See the river rise and fall,
Sway in the breeze,
Bask in the sun,
Bob in the rain,
Roots spreading out,
Reach for the sky.

purple pasqueflowers

I wrote this poem for a beautiful, Filipino waitress serving me at a local “greasy spoon” restaurant. She was sweet, friendly and efficient. I glanced up and saw her carrying a load of plates, full of food, to a nearby table. She wasn’t “on” in that moment; she wasn’t performing or pretending. She saw me looking at her and a split second passed — of knowing, of shared struggles, of understanding — before she put her smile back on. I grabbed a pen and wrote this on a napkin and left it for her on the table.

Lifelong Growth

If people knew how hard I had to work to achieve my mastery, they would not think it so wonderful.” – Michealangelo

Are you surprised to see that the famous artist, Michealangelo, had to work hard? We tend to think of him as a genius, prodigy or virtuoso — child wonder — whose talent is miraculous and utterly natural. While he may have had talent, clearly this didn’t mean everything came easily to him.

In his book Outliers, Malcolm Gladwell talks about the 10,000 hour principle. He says, and I agree, that it takes about 10,000 hours of doing something to become a master at it. Whether it is golf, writing, art or music, whatever it is — it takes 10,000 hours of practice to become truly accomplished at it.

And yet, many of us have fallen into the trap of wanting things fast, and if we aren’t careful, this attitude can lead to frustration. When we forget that growth and mastery take time, we may feel that we aren’t accomplishing what we want, or we may become blind to the progress we’ve already made. Whether we want to learn something, grow or overcome something from our past, it going to take practice and time.

Don’t be discouraged! 10,000 hours is a lot of time! If you “work on” your issue — read a book, do some journaling, whatever — for one hour a day, you’ll reach 10,000 hours in about 27 and a half years. So, now you can see why I gave this post the title “lifelong growth!” When you are feeling frustrated with yourself, remember that things take time. Have you been at it 27 years? No? Then be easy on yourself! Of course, you can spend more than one hour a day — ballet dancers practice for many hours a day for many years to become masters at their craft — but beware tackling your problems (especially overcoming painful events of the past) with too much gusto. The 10,000 hour rule applies to practice, and personal growth takes straight-up time as well. So please, in whatever you are working on, be patient with yourself and think of personal growth as a lifelong adventure rather than an accomplishment.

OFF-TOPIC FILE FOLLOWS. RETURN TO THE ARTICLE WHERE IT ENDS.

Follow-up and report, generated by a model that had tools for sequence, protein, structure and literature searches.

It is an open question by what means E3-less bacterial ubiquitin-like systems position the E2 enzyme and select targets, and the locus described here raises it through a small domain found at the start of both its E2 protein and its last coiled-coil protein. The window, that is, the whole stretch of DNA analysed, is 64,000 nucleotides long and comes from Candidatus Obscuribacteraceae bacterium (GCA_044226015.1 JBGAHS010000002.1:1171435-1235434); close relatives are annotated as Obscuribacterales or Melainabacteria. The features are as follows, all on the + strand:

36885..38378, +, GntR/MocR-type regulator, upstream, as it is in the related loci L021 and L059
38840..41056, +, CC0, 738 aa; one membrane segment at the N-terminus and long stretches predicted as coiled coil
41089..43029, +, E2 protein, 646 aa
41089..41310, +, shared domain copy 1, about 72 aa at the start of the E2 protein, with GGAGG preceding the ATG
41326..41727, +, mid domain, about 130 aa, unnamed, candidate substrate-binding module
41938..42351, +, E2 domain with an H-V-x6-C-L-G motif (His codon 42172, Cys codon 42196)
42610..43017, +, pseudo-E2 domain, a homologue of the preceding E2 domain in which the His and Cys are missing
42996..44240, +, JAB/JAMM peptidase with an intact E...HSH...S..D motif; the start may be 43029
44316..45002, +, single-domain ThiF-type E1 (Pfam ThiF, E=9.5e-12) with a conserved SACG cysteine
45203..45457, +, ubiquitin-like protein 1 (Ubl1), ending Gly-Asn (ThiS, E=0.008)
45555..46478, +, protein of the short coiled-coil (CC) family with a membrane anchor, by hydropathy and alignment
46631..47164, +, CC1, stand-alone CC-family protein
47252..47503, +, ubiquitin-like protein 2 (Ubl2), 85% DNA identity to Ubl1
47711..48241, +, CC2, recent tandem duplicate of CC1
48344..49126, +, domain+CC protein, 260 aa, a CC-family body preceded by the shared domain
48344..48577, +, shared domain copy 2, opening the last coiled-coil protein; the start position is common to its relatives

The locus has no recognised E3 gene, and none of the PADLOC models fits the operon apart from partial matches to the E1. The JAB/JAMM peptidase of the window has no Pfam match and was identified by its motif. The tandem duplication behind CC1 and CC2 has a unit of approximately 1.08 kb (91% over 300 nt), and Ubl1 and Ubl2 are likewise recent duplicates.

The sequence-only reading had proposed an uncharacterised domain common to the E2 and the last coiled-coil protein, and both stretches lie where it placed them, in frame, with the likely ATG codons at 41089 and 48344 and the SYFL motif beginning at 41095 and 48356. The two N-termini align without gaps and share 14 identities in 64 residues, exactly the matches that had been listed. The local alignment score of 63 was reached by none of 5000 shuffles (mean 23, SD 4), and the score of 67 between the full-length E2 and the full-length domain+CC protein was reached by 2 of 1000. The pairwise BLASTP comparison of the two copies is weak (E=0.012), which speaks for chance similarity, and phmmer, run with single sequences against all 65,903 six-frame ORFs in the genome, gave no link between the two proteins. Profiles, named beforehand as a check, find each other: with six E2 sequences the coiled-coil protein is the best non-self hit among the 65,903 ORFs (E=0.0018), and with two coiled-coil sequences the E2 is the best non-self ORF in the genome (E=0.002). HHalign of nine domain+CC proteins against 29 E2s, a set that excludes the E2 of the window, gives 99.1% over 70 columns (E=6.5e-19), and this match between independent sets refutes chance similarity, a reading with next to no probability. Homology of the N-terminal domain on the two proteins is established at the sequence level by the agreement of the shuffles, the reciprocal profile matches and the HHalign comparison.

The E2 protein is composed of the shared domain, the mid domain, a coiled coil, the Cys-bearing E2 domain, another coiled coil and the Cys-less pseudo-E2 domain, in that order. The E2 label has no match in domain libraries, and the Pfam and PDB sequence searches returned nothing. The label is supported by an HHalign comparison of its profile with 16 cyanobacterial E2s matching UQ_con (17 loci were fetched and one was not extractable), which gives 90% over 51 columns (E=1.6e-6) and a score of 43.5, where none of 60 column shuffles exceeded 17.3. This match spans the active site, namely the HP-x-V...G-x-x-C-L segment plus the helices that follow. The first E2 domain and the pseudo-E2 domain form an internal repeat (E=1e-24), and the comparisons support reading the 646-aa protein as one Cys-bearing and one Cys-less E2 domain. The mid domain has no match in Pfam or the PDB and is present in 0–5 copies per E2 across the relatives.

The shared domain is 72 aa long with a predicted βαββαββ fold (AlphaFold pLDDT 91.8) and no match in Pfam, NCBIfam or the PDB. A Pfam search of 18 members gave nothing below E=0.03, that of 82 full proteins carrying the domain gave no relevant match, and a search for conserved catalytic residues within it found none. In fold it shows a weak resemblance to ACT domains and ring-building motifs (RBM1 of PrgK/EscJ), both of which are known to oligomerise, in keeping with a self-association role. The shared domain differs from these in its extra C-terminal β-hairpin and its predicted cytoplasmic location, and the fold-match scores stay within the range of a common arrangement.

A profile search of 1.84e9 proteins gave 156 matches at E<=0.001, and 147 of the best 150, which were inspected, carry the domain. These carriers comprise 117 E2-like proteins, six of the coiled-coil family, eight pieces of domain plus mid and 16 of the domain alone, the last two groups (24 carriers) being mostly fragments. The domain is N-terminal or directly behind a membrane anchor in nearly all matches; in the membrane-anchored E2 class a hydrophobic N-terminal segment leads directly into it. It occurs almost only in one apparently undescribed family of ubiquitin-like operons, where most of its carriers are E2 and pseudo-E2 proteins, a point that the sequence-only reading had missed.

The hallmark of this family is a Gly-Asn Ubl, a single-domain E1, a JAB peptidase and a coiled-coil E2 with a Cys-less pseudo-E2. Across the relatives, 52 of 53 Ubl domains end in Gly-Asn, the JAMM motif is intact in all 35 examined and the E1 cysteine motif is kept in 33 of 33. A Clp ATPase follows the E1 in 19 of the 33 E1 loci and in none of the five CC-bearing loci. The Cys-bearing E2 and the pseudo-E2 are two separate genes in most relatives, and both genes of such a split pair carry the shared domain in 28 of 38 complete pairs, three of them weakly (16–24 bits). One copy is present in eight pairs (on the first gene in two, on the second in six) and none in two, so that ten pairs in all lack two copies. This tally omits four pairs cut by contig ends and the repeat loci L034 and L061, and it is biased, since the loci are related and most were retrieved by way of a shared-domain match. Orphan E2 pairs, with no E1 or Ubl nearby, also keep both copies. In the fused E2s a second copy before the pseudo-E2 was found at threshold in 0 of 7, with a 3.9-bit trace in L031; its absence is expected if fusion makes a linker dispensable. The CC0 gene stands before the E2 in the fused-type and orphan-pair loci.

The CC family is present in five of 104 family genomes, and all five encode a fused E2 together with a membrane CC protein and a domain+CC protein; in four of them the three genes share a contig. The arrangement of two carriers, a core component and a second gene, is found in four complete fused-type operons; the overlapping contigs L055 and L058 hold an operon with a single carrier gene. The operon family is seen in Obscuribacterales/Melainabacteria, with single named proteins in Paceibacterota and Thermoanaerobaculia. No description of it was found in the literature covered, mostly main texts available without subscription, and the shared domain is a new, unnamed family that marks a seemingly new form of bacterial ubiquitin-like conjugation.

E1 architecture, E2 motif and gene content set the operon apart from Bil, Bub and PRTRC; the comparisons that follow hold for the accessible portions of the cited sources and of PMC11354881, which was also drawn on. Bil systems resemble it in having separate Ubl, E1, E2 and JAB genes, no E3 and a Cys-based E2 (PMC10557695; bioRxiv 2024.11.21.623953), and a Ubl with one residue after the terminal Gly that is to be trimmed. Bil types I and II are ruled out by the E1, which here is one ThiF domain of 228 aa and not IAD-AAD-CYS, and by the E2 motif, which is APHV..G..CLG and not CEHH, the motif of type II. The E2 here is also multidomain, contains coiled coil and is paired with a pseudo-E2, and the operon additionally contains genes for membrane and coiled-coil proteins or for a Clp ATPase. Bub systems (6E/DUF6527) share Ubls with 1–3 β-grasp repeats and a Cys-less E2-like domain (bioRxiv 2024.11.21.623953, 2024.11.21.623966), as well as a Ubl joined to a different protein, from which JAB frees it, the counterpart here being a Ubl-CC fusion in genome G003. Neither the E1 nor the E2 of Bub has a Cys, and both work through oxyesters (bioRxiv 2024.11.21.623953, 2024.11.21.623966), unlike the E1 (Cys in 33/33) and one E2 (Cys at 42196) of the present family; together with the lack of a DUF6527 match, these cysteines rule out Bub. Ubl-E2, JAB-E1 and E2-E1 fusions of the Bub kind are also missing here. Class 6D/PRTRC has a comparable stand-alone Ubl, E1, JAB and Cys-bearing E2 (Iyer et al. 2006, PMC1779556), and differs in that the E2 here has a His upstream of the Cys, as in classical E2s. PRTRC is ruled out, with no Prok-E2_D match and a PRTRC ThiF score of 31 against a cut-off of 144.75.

The Wisdom of the Trees

wisdom of the trees

One particularly lovely day, as the sun set, I asked the amazing trees nearby, who had stood like sentinels for decades, what they would tell me if they could speak. This is what they said:     Be.     Here.     Now.     Simple yet powerful advice!


I interpret this part of the message from the trees to mean to stop worrying so much about doing, accomplishing, filling my days with tasks and pleasures. Just be. Just breathe. Spend more time simply existing.


I realized that I spent quite a bit of time in my head, wishing or imagining I was somewhere else. Part of the power of the present moment comes from an acute awareness of where I am — the power of getting out of my head and into my body, coming back to Earth, so to speak. Being grounded in the here is the first step in being grounded at all.


Our personal power is focused in the present moment, right now. The ability to enjoy the present fully and create the future we want starts, literally, now. It’s fun to think about how the direction my life will take in the months and years to come is hinging on this very moment — this exact second. I neither want to strain for the future, nor do I resist going into it. I am not looking back to the past to relive “the good old days” nor am I straining to leave it behind. I do I see the past nor the present as my source of defining moments. I am who I am now and only now. I know, it gets a little hokey sounding, but it is true! My entire life to come is balancing on this moment, teetering, and I can easily decide what direction I want it to take: more kindness, peace, fun, and adventures! 🙂

Be.     Here.     Now.

It is the doorway to a deeper peace, profound assurance and trust that the world is a loving place.

Evil is Not Always Evil

Good and evil — it seems, universally, that there is an unending struggle between the two. At times, good seems to win, and at other times, evil appears to have the upper hand.